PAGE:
During 2000, initial steps were taken to incorporate mine awareness into the primary school curriculum—in every subject, from music and drama to history and mathematics. The methodology was highly participatory to encourage young people themselves to become disseminators of the information. UNICEF also supported the training of 100 teachers and trainers of trainers. The Ministry of Education and Science helped to produce two manuals, one for teachers and one for students. A recent agreement has been made with the Ministry to revise and publish these manuals.
Interventions During 2001–2003
A landmine injury can mean destitution to a family in a rural area where there are no off-farm work alternatives. Since June 2000, the Mine Victims Association, UNICEF’s major local partner, has identified almost 200 mine-affected households with people who are unable to meet their basic needs. UNICEF is supporting the Mine Victims Association to:
Mine risk education (MRE) continues in three northern districts, targeting communities and schools. The work is coordinated by anti-mine committees, represented by mine victims in each village in collaboration with peace activists and with broad participation by women. Three to five volunteers work in each village and are responsible for ensuring the safety of residents and the dissemination of information to keep the population informed about mine threats and mined areas. Theatrical plays move from village to village spreading the mine awareness message. The anti-mine committees also report to authorities about incidents and minefields and monitor the presence of warning signs. The Mine Victims Association team conducts counseling sessions with children and other people suffering stress from the war. Major outcomes of the work include the following:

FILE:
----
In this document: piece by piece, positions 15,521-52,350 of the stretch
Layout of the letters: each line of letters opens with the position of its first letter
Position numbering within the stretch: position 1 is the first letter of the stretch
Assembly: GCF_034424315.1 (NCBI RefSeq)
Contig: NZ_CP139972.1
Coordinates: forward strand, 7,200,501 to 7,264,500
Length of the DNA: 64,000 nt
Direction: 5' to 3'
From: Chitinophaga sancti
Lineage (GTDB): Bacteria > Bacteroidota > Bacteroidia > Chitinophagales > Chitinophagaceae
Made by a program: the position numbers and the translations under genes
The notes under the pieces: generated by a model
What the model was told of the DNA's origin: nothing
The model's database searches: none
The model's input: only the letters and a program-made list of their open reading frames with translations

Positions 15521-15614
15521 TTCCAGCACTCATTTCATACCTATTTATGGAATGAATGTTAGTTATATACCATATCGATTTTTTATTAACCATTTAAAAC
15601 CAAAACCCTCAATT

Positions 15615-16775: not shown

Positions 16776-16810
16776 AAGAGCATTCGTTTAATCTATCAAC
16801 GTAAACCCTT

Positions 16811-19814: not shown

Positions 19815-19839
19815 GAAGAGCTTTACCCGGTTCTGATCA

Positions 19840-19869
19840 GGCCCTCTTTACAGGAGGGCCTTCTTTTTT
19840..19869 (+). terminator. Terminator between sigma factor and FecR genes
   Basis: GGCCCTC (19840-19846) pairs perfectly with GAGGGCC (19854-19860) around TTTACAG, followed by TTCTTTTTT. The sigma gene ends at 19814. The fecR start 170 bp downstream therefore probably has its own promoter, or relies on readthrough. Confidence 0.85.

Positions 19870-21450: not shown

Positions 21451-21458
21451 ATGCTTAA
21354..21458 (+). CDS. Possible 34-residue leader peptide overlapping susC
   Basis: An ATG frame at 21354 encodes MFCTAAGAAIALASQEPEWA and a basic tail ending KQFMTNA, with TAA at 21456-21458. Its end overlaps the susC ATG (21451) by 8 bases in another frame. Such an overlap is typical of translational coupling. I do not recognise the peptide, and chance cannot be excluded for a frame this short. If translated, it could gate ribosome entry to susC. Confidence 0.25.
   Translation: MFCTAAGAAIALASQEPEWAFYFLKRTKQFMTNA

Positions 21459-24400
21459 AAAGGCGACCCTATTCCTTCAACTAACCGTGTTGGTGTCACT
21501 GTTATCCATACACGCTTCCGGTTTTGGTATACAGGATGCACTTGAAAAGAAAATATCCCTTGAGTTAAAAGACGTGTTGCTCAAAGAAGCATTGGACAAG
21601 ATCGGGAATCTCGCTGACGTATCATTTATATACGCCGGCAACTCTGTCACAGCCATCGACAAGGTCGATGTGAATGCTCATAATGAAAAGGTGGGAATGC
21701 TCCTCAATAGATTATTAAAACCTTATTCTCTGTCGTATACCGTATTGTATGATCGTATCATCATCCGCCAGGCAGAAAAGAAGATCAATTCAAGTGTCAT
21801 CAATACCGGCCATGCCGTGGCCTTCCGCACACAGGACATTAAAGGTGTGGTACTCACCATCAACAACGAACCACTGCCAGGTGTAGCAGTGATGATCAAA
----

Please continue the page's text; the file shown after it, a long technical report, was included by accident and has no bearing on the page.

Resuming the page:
Assistance to Mine Victims:
Despite the positive outcomes, many concerns still remain. The mined area is remote and one of the poorest in Albania, and basic social services are lacking. Education opportunities for mine victims are rare. Even when people are trained, there are few job opportunities. Even people without physical disabilities find it very difficult to get around because of poor infrastructure, and for mine victims, the situation is even worse. There are not enough social workers, doctors and other professionals to serve the area.
Recommendations for Future Action in Albania
Based on the analysis of the current mine problems in Albania and the results of previous mine action activities, the following suggestions are recommended for Albanian mine action in the future:
Since 2001, UNICEF has provided technical support to the Albanian Mine Action Executive (AMAE), the body that coordinates all mine action in Albania. The AMAE is responsible for ensuring the clearance and certification of the demining process. The National MRE strategy was implemented in 2001–2002, followed by a CARE survey on mine awareness and a workshop to update the strategy. It calls for completing mine clearance of high- and medium-priority areas by 2006 (low-priority areas are not inhabited and will be cleared in coming years), with a modest budget of $5–7 million (U.S.). This would make Albania only the second post-conflict country in the region free of mines and UXO.